Onychogomphus uncatus (Charpentier, 1840)
Large Pincertail

Type locality: S Europe, no locality data available.

Diagnosis

General appearance is close to O. forcipatus, but slightly larger and the yellow abdominal markings are more extensive on average, although this varies greatly in O. forcipatus. Best distinguished as follows: (1) The vertex is all-black; there is no extra yellow bar between the yellow of frons and occiput. However, this is sometimes unclear also in O. forcipatus. (2) The ‘collar’, the transverse yellow area on the anterior ridge of the thorax, is severed by the black area along the middorsal keel. (3) The yellow antehumeral stripe dorsally connects with the broader yellow stripe before it. Thus the black stripe separating them is not connected with the black along the middorsal keel. (4) The black on the side of the thorax is more extensive; the stripes are not broken, but often partly confluent. Male anal triangle is normally four-celled, but is three-celled in most O. forcipatus. The male appendages are like those of O. forcipatus, including subbasal teeth of the lower, but lack the subterminal knobs of that appendage in O. forcipatus. Uppers curved toward each other (view from above), without the thumb-like dorsal lobe in the bend; the tips meet, but do not overlap. Female lacks tubercles behind the eyes of O. forcipatus. Its vulvar scale is reduced to a pair of finger-like processes pointing toward each other. In O. forcipatus, the vulvar scale appears as two closely apposed, roundly triangular lobes. [Adapted from Dijkstra & Lewington 2006]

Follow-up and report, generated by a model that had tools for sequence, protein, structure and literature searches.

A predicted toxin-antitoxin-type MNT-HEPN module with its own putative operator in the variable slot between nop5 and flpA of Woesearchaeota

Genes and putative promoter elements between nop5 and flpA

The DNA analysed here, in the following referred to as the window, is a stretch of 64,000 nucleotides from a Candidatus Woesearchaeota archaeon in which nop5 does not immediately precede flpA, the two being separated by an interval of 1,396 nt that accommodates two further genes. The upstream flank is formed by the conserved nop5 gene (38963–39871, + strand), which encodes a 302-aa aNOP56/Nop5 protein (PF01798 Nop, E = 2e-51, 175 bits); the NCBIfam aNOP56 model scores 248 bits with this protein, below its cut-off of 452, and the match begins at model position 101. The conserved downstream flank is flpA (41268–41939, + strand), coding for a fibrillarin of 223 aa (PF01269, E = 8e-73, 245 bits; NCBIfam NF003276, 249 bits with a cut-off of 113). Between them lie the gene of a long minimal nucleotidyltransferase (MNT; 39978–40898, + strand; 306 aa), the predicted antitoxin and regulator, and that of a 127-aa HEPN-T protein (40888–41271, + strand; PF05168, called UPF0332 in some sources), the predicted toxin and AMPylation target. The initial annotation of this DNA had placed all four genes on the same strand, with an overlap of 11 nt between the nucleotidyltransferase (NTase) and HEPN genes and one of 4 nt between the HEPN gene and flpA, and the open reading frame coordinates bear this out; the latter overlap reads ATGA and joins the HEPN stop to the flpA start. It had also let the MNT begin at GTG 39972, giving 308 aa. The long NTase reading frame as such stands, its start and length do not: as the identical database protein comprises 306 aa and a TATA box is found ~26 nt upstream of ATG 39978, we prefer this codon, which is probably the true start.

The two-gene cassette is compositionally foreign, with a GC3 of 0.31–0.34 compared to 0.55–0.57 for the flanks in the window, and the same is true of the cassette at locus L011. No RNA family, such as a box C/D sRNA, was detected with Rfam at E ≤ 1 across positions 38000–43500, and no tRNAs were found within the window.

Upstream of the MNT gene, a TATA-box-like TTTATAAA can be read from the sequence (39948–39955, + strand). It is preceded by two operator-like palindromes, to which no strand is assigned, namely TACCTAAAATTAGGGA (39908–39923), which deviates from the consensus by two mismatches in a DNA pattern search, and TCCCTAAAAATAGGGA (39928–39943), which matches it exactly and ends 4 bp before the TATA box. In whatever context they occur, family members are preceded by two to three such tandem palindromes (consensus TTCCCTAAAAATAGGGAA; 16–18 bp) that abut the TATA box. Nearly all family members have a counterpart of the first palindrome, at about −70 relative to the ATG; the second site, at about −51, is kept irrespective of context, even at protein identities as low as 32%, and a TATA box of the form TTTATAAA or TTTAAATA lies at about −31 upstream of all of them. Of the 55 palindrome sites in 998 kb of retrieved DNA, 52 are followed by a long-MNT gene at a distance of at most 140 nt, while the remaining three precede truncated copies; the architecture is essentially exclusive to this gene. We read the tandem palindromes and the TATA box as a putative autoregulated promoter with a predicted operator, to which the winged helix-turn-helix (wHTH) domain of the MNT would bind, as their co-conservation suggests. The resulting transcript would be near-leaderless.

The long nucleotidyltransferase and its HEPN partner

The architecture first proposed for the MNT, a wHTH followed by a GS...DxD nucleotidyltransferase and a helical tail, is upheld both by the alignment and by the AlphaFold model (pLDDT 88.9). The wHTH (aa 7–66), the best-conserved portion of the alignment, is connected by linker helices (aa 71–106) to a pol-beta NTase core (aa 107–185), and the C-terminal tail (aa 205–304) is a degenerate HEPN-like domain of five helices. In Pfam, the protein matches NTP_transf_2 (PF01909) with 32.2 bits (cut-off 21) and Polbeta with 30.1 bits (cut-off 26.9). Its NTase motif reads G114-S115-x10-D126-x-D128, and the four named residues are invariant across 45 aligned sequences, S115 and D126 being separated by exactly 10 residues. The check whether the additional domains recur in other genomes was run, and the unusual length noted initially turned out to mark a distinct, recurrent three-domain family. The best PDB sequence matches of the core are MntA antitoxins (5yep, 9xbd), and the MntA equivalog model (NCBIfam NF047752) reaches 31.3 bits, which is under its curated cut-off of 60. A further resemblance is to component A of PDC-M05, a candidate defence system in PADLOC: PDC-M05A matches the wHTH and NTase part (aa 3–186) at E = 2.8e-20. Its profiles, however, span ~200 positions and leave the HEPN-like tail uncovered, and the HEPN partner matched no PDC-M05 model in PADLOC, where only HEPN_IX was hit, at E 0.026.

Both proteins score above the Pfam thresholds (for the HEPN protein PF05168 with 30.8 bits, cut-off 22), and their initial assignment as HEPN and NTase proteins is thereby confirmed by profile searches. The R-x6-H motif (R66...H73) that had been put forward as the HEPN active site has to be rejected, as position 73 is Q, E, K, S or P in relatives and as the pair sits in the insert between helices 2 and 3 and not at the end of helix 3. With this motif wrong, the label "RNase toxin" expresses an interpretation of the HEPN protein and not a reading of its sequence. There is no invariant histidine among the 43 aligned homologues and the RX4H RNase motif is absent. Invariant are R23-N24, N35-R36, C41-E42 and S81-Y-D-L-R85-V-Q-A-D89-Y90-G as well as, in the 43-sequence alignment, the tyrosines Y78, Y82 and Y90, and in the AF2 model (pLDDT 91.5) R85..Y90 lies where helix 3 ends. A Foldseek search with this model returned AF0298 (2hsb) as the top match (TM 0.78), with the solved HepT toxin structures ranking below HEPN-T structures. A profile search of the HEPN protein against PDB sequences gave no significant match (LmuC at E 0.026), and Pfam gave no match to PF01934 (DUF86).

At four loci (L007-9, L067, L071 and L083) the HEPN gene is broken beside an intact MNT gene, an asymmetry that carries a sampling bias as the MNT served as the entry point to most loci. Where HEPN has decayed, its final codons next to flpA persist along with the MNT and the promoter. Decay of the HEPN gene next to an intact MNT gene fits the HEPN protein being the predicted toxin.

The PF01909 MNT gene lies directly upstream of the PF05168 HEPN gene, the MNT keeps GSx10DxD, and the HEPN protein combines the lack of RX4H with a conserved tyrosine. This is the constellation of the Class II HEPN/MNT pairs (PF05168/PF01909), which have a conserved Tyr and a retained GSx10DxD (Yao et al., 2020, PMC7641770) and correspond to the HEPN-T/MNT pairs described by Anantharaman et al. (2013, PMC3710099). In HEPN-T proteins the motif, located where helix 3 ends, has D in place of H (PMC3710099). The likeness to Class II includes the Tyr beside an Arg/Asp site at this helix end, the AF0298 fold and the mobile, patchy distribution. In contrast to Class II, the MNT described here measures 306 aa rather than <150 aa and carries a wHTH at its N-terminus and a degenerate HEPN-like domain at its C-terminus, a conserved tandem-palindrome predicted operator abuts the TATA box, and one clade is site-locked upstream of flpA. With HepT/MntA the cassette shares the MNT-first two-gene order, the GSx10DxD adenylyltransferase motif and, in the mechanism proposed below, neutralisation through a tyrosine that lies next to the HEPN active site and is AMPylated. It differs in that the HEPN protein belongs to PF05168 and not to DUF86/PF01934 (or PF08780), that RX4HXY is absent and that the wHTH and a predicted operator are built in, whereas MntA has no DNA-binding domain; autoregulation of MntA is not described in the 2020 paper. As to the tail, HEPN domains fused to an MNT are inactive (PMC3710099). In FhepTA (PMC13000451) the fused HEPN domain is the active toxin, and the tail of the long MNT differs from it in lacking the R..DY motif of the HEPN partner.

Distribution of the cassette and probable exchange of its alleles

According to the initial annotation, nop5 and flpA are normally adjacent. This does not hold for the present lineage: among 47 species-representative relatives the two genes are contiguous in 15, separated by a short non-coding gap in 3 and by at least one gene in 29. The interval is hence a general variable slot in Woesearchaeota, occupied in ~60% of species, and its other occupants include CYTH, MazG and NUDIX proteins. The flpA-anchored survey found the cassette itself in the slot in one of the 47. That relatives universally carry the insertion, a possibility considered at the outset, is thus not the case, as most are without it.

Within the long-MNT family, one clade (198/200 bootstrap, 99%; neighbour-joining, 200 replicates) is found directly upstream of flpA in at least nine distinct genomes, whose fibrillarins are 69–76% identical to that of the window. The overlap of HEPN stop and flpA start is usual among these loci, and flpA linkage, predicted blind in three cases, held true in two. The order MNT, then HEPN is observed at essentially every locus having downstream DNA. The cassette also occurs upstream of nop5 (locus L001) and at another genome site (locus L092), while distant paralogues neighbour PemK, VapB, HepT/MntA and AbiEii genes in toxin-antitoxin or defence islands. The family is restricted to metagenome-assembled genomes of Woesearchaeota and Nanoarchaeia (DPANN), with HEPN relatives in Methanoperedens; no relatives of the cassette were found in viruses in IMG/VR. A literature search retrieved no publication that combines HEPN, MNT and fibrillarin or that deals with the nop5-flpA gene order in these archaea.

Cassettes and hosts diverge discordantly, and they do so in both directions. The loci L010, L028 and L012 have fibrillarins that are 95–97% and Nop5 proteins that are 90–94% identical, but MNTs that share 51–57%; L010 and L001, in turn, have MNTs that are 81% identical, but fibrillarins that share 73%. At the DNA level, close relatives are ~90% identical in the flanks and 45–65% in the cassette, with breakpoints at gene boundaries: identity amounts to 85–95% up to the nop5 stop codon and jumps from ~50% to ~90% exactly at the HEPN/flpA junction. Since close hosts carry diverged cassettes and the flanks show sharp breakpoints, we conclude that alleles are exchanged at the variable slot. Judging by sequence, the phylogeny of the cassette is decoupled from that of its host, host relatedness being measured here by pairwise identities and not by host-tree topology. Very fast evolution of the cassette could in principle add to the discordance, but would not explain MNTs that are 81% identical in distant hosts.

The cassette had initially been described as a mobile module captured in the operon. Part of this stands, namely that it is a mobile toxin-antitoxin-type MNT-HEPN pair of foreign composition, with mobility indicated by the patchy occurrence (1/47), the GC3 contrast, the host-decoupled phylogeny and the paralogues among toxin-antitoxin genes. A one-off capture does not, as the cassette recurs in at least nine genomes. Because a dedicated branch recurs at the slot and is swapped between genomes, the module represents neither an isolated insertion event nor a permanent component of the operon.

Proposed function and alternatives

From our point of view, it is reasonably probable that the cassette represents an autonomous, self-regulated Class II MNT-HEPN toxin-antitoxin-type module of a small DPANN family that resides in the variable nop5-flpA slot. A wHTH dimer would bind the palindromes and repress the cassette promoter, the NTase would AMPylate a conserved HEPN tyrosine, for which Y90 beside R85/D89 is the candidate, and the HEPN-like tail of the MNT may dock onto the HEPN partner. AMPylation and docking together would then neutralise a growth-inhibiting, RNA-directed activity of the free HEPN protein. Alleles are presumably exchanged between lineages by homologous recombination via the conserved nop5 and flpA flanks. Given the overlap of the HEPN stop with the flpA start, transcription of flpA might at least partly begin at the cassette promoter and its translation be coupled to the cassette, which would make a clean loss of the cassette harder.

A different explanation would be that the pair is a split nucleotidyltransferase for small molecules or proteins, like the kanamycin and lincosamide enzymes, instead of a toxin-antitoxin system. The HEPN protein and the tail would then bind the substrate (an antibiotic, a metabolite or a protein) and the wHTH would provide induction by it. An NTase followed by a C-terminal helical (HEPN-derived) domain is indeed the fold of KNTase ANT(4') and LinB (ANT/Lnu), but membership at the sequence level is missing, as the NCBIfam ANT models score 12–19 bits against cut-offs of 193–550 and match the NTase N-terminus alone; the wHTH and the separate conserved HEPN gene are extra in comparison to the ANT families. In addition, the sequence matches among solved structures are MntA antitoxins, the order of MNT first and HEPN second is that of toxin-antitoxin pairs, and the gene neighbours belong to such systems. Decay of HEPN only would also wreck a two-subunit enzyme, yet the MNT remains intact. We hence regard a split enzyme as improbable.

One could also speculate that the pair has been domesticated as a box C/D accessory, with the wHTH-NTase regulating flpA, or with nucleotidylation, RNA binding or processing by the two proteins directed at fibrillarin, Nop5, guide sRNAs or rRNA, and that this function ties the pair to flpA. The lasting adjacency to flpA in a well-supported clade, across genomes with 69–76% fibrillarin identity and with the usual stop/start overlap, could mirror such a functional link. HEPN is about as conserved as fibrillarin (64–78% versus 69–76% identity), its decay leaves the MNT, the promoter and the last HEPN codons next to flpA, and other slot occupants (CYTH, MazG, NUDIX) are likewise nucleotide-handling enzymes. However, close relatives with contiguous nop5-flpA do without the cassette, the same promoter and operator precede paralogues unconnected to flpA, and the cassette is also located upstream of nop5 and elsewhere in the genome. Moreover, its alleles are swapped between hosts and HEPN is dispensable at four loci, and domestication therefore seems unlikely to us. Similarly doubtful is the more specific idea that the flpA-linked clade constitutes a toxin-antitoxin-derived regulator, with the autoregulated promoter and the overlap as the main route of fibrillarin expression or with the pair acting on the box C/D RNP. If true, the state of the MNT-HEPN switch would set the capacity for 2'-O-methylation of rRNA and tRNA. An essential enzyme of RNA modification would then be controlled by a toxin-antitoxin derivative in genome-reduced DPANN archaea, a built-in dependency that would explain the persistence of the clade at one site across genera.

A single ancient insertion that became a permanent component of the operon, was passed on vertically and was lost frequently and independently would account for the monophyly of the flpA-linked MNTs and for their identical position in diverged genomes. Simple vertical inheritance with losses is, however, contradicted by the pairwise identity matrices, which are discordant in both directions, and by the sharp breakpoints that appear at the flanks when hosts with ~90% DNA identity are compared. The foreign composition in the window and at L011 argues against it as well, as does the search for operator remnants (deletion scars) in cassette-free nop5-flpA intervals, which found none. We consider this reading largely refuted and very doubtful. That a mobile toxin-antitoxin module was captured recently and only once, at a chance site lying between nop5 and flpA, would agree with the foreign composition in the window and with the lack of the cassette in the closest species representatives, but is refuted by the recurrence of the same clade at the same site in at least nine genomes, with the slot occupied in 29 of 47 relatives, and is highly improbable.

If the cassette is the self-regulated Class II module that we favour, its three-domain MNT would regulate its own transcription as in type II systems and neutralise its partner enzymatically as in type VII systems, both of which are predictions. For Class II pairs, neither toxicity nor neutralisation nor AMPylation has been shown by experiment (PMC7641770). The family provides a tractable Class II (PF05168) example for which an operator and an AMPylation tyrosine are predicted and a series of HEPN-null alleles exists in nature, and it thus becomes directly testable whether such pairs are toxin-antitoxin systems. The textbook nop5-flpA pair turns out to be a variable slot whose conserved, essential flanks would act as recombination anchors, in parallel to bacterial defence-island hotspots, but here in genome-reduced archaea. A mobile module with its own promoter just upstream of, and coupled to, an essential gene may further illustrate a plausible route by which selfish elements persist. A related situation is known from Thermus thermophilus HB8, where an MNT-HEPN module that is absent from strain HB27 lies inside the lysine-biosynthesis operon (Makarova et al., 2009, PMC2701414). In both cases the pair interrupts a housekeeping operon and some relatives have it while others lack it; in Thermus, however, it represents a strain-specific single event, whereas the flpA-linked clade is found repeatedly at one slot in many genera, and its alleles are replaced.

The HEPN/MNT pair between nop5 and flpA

Habitat description

Mostly streams, but also headwaters and sometimes rivers, shaded by or in open areas in (gallery) forest. Often faster sections with bare banks, rocks and a gravelly and/or sandy bottom. From 0 to 2000 m above sea level.

Distribution

confirmed: Algeria; Morocco; Tunisia

Map citation: Clausnitzer, V., K.-D.B. Dijkstra, R. Koch, J.-P. Boudot, W.R.T. Darwall, J. Kipping, B. Samraoui, M.J. Samways, J.P. Simaika & F. Suhling, 2012. Focus on African Freshwaters: hotspots of dragonfly diversity and conservation concern. Frontiers in Ecology and the Environment 10: 129-134.


Reference

  • Charpentier, T. de (1840). Libellulinae Europaeae Descriptae et Depictae. Leopold Voss, Lipsiae, 1-180.

Citation: Dijkstra, K.-D.B (editor). African Dragonflies and Damselflies Online. http://addo.adu.org.za/ [2019-08-25].